Iowa manufacturing continues to improve but employment is still 10 percent lower than 2007 pre-recession levels, according to an annual industry review conducted by Iowa State University’s Center for Industrial Research and Service (CIRAS).
The CIRAS annual manufacturing review is based on analysis of 2011 data from the Bureau of Economic Analysis, Bureau of Labor Statistics, U.S. Census Bureau and International Trade Administration.
“Iowa (manufacturing) did not go to the depths in job losses as we saw across the nation and therefore it’s recovering quite nicely,” said Ron Cox, CIRAS director. “There are several factors that contributed to this, the strong farm economy and grain prices mean people are needing to purchase farm equipment.”
Agricultural commodities, raw materials and machinery equipment made up the bulk of of Iowa manufactured goods.
The review found that in 2011, there were more than 5,980 manufacturing companies in Iowa. Of those companies, about 47.5 percent were owned by small or medium-sized enterprises with fewer than 500 employees and 4.9 percent were large manufacturing enterprises with 500 or more employees.
Iowa manufacturing employed 211,998 people in 2011 or 10.8 percent of the state’s total employment.
In 2011, Linn County employed 19,831 people in manufacturing — the highest in the state — while Johnson County employed 5,580. In the United States, manufacturing accounted for about 7 percent of total employment.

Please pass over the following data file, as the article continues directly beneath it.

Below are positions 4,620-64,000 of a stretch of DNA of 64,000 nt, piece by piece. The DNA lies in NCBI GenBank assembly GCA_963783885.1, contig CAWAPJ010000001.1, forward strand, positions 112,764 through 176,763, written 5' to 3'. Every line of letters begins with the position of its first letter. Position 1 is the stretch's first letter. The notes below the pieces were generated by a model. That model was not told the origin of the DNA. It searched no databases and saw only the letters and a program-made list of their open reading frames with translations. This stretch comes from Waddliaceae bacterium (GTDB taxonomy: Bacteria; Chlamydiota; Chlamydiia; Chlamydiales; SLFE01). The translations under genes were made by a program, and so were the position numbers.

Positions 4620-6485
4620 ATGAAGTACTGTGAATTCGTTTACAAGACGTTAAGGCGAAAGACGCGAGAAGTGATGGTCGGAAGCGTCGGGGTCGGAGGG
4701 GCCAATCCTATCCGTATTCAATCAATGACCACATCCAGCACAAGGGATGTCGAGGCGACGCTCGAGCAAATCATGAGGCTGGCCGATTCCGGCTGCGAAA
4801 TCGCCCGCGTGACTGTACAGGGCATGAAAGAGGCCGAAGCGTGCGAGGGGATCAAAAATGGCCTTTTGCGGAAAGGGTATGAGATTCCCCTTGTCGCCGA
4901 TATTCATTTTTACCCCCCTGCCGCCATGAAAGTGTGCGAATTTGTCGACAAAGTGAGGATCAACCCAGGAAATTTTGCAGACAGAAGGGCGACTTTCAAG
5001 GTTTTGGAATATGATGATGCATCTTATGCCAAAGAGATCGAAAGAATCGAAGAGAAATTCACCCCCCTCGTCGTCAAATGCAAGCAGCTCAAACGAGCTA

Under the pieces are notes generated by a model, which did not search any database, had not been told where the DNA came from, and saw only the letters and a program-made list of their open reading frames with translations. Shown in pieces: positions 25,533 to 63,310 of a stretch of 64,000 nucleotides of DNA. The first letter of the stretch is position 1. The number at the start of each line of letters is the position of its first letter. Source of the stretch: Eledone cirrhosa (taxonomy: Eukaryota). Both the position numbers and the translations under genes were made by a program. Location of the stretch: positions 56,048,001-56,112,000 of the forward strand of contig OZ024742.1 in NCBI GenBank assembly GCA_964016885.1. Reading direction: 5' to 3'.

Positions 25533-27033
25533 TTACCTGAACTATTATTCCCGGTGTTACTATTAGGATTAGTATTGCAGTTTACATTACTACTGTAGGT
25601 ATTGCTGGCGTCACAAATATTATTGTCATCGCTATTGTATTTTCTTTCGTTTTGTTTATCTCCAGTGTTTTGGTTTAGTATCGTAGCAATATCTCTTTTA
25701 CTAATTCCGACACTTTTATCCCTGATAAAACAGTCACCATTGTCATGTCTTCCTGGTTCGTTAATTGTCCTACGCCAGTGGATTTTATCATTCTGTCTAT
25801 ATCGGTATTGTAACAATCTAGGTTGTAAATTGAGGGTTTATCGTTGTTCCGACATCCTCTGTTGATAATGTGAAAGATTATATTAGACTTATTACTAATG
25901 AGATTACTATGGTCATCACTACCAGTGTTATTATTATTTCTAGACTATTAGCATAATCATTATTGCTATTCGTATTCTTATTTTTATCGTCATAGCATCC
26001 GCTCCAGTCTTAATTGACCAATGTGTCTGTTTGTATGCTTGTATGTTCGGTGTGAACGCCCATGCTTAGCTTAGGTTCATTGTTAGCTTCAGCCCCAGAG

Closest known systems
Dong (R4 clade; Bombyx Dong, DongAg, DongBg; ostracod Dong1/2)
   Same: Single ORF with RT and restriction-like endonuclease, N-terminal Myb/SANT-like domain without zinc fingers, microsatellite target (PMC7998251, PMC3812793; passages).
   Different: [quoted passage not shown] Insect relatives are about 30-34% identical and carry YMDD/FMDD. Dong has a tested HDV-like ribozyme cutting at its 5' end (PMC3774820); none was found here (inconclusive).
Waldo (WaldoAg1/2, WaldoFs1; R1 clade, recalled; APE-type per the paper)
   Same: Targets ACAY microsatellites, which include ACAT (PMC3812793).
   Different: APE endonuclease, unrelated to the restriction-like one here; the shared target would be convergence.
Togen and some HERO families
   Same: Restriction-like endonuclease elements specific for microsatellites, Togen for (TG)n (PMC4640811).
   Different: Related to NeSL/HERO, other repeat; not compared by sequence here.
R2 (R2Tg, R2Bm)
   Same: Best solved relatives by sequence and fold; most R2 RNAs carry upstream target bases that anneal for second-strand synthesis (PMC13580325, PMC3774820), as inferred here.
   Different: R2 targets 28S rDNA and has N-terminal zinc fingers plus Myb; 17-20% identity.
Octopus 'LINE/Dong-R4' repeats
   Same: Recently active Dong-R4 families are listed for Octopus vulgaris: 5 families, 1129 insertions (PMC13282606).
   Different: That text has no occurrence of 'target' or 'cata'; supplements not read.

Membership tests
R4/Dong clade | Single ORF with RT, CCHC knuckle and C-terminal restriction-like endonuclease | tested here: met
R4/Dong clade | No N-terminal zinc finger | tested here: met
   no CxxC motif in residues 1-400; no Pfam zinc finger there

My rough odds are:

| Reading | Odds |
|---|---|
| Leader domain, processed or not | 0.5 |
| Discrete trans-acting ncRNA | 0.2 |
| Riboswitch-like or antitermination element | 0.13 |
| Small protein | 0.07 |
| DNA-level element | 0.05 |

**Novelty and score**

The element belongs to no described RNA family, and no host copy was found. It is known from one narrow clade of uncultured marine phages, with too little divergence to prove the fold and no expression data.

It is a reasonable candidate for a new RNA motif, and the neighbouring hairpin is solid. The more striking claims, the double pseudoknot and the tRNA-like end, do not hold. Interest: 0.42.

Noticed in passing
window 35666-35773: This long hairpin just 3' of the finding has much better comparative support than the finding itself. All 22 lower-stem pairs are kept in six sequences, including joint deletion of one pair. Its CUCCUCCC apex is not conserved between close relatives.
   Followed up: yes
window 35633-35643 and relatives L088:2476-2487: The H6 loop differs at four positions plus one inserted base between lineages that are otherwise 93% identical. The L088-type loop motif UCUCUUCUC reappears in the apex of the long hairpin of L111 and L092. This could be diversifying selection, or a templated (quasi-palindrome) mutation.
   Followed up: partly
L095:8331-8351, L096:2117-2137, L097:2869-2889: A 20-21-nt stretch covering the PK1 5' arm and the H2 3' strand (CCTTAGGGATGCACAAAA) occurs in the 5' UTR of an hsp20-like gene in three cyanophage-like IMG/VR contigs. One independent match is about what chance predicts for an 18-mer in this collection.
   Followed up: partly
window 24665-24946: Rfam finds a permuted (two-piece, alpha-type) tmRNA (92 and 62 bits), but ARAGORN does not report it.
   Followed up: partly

The average manufacturing salary in 2011 was $51,120 and Cox said that rural communities are more dependent on the manufacturing industry than urban communities. Manufacturing accounts for 12.7 percent of total earnings in Iowa’s metropolitan areas and 19.4 percent of total earnings in non-metropolitan regions
Manufacturing contributed $27.6 billion to Iowa’s economy in 2011, which makes it sixth among all states in its percentage of gross domestic product from manufacturing. The state also exported $11.7 billion worth of manufactured goods to other countries in 2011.
“The manufacturing sector is one of largest multipliers in the state,” Cox said, explaining that the industry touches many aspects of the state’s economy. “The goods manufactured need to be trucked to a store, so the trucking industry does better. Higher wages mean they’ll be spending more money in communities.”
The Center for Industrial Research and Service is part of the College of Engineering and Extension and Outreach at Iowa State University.